Now you can make the filling. Whoopie pie filling is pretty weird, I have to say. Traditionally, it’s mostly vegetable shortening. Luckily non-hydrogenated shortening is available these days, so it’s not completely disgusting, but it’s still pretty greasy and weird. Some people simply fill whoopie pies with marshmallow fluff, and that’s fine. But I like how smooth and pretty it looks blended with shortening and powdered sugar, so that’s how I do it. I’ve tried a few variations of marshmallow filling and so far this one is my favorite.
- 2 c ricemellow fluff*
- 1 c non-hydrogenated vegetable shortening (I like Earth Balance)
- 1 & 1/2 c powdered sugar
- 1 & 1/2 tsp vanilla extract
*If you aren’t concerned with making these vegan, use regular marshmallow fluff. Or, go crazy and make your own vegan marshmallow fluff.
Beat together the fluff and shortening at low speed until mixed together, then kick it up to medium and beat about 3 minutes. Add the sugar, beating on low until mixed, and then on medium for another 3 minutes. Add the vanilla and beat about 1 minute more. The filling will be snow white and magically fluffy.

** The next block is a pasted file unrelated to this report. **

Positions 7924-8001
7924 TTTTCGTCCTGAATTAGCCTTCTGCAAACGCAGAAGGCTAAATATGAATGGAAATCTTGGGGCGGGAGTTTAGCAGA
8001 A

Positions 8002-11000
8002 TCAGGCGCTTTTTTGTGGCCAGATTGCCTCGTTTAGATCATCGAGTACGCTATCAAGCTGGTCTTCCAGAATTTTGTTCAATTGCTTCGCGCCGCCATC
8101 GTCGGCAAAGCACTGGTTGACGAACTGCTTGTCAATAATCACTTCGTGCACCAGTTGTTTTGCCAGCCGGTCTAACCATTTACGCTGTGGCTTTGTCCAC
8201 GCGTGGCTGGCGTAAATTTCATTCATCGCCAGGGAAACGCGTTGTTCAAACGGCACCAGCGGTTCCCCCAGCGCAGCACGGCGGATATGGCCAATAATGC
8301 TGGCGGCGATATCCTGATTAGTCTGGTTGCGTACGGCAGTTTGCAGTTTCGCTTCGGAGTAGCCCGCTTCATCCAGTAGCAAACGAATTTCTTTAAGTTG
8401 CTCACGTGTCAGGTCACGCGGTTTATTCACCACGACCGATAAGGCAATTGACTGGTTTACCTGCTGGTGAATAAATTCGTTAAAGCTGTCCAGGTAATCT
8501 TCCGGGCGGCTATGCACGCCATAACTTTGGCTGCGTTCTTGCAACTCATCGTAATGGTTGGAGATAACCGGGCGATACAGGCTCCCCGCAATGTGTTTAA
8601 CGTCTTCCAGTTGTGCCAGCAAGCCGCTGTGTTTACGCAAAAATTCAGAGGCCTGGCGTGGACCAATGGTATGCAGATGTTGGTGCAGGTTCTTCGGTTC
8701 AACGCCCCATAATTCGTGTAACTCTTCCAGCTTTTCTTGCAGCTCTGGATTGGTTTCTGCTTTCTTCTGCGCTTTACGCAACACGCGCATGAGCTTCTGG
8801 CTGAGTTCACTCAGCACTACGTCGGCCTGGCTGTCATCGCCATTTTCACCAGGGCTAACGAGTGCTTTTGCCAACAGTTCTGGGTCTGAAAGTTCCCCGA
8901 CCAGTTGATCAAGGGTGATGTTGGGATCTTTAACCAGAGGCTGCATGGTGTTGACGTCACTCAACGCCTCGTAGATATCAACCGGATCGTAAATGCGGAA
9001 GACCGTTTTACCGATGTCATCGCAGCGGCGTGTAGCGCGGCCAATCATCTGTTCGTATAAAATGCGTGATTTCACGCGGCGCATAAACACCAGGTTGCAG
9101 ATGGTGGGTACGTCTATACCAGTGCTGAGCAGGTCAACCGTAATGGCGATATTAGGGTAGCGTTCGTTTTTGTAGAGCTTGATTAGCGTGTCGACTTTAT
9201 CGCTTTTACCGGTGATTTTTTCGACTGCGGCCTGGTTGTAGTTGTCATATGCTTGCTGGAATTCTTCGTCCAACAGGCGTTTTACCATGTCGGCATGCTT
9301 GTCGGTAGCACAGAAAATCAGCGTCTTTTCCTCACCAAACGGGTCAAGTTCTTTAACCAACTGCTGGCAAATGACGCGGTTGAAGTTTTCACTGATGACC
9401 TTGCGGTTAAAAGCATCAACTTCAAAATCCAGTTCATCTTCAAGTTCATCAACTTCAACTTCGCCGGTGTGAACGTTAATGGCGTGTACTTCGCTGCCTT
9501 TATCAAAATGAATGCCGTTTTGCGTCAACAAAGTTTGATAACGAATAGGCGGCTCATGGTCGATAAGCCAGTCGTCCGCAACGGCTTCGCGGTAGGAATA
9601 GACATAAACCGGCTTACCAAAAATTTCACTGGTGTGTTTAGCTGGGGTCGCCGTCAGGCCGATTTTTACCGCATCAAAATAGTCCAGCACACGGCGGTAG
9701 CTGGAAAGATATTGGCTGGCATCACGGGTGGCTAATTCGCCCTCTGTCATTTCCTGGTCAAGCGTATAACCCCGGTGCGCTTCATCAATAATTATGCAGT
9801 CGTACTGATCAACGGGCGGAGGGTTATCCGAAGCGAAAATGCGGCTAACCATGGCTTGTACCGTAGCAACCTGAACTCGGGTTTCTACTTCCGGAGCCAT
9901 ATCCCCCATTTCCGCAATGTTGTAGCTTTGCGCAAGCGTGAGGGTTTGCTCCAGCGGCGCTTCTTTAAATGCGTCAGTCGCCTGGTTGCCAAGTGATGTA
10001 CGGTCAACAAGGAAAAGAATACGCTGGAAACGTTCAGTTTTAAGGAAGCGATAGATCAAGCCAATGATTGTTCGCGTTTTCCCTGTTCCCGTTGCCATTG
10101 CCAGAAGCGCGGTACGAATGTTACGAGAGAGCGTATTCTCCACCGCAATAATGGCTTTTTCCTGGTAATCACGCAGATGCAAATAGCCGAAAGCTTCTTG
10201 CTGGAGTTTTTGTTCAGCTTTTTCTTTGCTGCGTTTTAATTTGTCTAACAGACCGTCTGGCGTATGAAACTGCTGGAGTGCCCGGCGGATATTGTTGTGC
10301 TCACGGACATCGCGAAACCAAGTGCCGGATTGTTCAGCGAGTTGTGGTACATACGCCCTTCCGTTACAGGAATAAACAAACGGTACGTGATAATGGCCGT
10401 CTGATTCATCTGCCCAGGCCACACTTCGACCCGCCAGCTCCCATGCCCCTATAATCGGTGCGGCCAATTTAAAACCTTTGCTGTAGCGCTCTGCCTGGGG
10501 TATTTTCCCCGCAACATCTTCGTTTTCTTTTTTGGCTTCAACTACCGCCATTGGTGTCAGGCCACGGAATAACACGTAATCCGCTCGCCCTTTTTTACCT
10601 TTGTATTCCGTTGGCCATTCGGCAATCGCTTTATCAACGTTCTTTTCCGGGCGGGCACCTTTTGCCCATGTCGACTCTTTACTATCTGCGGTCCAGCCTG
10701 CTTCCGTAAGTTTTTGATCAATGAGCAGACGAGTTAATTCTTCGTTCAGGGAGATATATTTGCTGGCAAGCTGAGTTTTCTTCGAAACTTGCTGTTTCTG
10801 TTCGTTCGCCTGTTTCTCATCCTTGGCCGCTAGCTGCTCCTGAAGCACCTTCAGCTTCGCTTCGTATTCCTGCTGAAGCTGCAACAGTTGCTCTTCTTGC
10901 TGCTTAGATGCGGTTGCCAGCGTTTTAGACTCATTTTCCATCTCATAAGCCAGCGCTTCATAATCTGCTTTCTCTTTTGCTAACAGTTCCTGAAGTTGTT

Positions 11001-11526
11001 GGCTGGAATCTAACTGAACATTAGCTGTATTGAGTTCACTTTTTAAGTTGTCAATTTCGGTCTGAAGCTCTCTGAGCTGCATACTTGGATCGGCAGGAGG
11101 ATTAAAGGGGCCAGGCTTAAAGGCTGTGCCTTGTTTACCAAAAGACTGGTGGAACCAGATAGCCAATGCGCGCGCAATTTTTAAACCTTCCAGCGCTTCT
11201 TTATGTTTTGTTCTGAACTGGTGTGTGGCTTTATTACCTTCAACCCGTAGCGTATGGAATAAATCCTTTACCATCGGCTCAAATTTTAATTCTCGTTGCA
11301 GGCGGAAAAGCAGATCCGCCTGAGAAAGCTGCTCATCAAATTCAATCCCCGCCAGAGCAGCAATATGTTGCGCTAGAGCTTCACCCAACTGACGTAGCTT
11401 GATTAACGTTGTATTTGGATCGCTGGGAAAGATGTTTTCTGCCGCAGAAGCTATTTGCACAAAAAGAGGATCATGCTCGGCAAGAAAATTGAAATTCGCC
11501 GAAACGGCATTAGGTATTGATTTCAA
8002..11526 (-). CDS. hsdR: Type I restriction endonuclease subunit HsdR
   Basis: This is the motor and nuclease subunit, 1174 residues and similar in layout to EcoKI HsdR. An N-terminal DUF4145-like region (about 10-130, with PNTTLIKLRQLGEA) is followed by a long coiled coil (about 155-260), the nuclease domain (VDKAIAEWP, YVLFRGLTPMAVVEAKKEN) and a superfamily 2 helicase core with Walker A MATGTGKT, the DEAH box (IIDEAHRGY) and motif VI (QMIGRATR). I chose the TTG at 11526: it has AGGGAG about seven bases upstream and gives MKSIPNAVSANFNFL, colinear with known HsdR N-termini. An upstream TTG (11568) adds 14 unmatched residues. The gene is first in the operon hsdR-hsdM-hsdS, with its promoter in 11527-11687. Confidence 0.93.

Time to assemble! I’m a little nutty, so I sort through my cookie cake things and find matching pairs. Sometimes a few will be oval shaped, or a little bigger or smaller than the others. I do my best to find each one a matching partner. I use a pastry bag to pipe a nice big pile of frosting on one cake, you could also use an offset spatula or even a spoon. Make a sandwich my smooshing another cake on top. Partner up all the whoopie pies and you’ll have a cute little pile of sweet burgers soon enough.
I chopped the candied walnuts and rolled each whoopie pie in them, so they got a little belt of sweet nutty goodness around them.
My husband thinks you should fold the chopped nuts into the filling so it’s less messy and you get some in every bite. TONY HAS SPOKEN. I zested a lemon into the filling thinking it might help brighten up some of these heavy fall flavors, but it got totally lost in there. I still think it could use some citrus… so do whatever you want with that information.
I wanna send you some mail:
Turns out, I really like to send whoopie pies in the mail. So much so, that I want to send some to you. So leave me a comment below telling me what kind you want. Classic? Pumpkin? Vegan? Not vegan? Sweet potato? Banana and peanut butter? Gingerbread? Let your imagination go nuts. Leave your request below and I’ll choose someone with a US shipping address to send these to on Thanksgiving Day. Once chosen, I will email the winner, well settle on a flavor and I’ll bake & ship you a package of whoopie pies from the Bake and Destroy kitchen! Can’t wait to see what you come up with!
Update: Congrats to Kelly! Vegan whoopie pies are headed your way!